Job-sharing, where one full-time role is shared by two people both working on a part-time basis, has become a regular feature of the employment landscape.
This flexible type of working arrangement has the potential to benefit both employer and employee. However, care must be taken when concluding these types of employment contracts to ensure that the responsibilities of the job-sharers are clearly defined and provision is made for eventualities like holidays and sickness. A poorly thought-out arrangement could have serious implications for an employer should any disputes arise.
In this article, we will sketch out the basics of a flexible and legally sound job-share and include some tips on how to avoid potential pitfalls.
How does job-sharing work in practice?
Job-sharing can work across a range of roles. In practice, it seems that the types of roles it suits are administrative or support positions. Employers who are contemplating creating a job-share should consider the following:
- Are the hours easily defined?
- Are the tasks easily defined?
- Are the tasks capable of being performed by more than one person?
- How will the business monitor the efficiency of the job-share?
- What will this mean in terms of costs to my business? Please bear in mind that as an employer you will still be responsible for pro-rata holiday pay and other statutory benefits.
A successful job-share arrangement requires careful thought and planning on the part of the employer. These are some of the elements which should be discussed with the potential job-sharers and agreed between all parties:
- How will work be allocated between the job sharers?
- What is the communication policy?
- How to resolve disputes;
- What are the specific tasks and how will the job-sharers be made aware, if their targets are not being met?
- What will happen if a job-sharer is:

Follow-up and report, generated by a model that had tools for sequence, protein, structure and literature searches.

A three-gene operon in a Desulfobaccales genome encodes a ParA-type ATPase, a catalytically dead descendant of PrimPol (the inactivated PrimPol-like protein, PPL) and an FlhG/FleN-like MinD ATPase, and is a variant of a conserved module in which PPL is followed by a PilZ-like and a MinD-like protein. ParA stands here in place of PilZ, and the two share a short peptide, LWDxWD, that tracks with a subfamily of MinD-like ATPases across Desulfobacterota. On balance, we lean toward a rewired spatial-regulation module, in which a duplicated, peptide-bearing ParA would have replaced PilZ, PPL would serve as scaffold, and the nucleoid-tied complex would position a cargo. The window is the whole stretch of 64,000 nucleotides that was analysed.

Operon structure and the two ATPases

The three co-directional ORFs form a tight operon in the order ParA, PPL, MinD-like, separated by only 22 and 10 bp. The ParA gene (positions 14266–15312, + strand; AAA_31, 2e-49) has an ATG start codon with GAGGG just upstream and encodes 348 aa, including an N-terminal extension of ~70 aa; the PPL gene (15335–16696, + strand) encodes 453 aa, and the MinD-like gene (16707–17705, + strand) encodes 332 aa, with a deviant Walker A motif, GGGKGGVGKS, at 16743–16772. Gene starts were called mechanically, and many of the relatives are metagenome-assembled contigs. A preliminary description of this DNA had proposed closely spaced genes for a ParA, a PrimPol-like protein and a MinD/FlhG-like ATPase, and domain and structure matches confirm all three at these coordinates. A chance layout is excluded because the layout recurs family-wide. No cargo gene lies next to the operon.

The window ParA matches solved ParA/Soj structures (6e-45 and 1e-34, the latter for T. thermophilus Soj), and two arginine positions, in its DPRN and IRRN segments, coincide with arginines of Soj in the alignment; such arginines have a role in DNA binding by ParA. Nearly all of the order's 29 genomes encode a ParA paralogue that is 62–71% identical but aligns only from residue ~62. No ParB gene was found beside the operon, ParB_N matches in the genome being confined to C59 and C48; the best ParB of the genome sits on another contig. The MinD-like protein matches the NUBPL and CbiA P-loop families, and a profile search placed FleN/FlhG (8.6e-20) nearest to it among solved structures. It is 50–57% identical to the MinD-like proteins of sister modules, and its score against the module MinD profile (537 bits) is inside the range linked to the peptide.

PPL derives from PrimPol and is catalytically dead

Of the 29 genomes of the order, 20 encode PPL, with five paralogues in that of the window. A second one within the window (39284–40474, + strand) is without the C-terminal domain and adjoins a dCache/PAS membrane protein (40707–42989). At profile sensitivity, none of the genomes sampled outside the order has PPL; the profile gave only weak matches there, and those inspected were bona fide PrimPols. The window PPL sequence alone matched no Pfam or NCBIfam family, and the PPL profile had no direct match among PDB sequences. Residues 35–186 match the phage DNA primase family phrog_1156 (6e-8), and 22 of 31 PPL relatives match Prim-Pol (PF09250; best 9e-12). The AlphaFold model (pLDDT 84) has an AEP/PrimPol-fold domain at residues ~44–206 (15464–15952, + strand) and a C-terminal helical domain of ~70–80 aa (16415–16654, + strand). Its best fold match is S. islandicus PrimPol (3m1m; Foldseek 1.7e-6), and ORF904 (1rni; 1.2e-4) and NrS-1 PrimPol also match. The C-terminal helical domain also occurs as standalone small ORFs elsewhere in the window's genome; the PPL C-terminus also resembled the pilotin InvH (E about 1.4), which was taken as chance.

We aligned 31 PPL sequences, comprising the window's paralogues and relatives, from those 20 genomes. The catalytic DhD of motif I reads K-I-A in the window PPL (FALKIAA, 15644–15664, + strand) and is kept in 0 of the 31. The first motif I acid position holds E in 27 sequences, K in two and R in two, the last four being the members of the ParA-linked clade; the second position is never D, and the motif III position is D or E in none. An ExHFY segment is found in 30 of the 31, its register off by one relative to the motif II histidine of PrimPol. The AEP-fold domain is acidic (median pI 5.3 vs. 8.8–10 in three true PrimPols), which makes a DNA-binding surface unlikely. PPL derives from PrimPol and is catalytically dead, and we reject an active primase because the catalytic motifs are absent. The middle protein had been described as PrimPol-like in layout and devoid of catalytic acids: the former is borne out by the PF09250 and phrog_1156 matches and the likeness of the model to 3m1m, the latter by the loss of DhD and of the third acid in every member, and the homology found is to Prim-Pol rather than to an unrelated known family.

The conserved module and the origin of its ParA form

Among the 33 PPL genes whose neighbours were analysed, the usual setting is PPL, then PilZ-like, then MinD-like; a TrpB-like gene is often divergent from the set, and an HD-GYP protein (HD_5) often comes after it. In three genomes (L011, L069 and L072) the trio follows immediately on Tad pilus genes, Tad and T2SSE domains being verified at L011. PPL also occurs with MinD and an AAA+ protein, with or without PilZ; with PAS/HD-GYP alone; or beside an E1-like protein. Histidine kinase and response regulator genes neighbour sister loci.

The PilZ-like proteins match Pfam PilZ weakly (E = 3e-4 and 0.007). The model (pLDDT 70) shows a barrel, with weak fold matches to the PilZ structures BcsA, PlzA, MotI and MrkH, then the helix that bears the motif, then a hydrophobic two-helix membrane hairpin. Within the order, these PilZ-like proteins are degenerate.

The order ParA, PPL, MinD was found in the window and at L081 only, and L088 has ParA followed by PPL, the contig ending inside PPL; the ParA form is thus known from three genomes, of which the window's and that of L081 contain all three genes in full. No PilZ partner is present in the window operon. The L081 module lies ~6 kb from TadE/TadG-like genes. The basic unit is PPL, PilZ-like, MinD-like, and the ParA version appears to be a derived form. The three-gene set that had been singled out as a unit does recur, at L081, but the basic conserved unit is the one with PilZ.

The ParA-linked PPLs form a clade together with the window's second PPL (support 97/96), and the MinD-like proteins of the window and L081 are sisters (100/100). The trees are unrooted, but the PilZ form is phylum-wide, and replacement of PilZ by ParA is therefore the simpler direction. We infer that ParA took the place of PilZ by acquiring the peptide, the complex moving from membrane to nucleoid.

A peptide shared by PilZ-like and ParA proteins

- On leave?
- Off sick?
- Resigns from their position?
A recipe for success
The core principle of the job-sharing arrangement is flexibility. While you as an employer should be clear about what you expect in terms of outputs in many cases it will be the job-sharers themselves who will work out how they will deliver in the role. The ideal job-share is where handovers are smooth and consistency of work is maintained.
Employers must be alive to the fact that even though they are part-time they must treat each job-sharer as an individual as regards assessment for bonuses and pay increases. Indeed all aspects of employment law will apply to part-time employees including anti-discrimination and fair dismissal law.
What happens when one half of the “team” leaves?
This is often a thorny issue and must be dealt with properly in the employment contract. If one half of the job-share resigns or is transferred elsewhere in the company there is a legal duty on the employer to make reasonable attempts to fill the space left by the departing job-sharer. If that is proving impossible the remaining job-sharer should be given the option of taking on the role full time. It is important that the employer take care not to place pressure on the remaining job sharer to take on more hours particularly in circumstances where the job-share has come about as a result of a formal flexible working hours request If that is not feasible they could be transferred to another role in the company.
However, if worse comes to worst, and the job-share arrangement simply cannot continue and alternative employment within the organisation cannot be found, a dismissal could be considered fair on the grounds of “some other substantial reason”.
How to avoid problems with job-shares?
The best way of ensuring that your job-sharing agreement is lawful and fair to all parties is to reduce it to writing as a formal document. This document must set out:
- all the obligations of the employer and the individual jobsharer;
- How holidays and sick days will work;
- and whether, in times of increased work flow, it may be permissible to have two job-sharers working at the same time.
- what will happen in situations where the job-sharing arrangement cannot continue and the risks associated with such an eventuality such as redundancy or dismissal.
If you are a small employer and new to the job-sharing arrangement it would be well worth your while to consult with an employment law specialist to review your proposed employment contract. This will ensure that, to the best of everyone’s ability, the contract of employment is fully compliant with the law and the needs of your business. An employment specialist will be able to swiftly identify any areas where you may be exposed as well as raise potential pitfalls which you may not yet have considered. If you do suffer the misfortune of ending up in an Employment Tribunal a properly considered and drafted employment contract will be your best line of defence.
This article is provided by Burlingtons for general information only. It is not intended to be and cannot be relied upon as legal advice or otherwise. If you would like to discuss any of the matters covered in this article, please contact Richard Berry or write to us using the contact form below.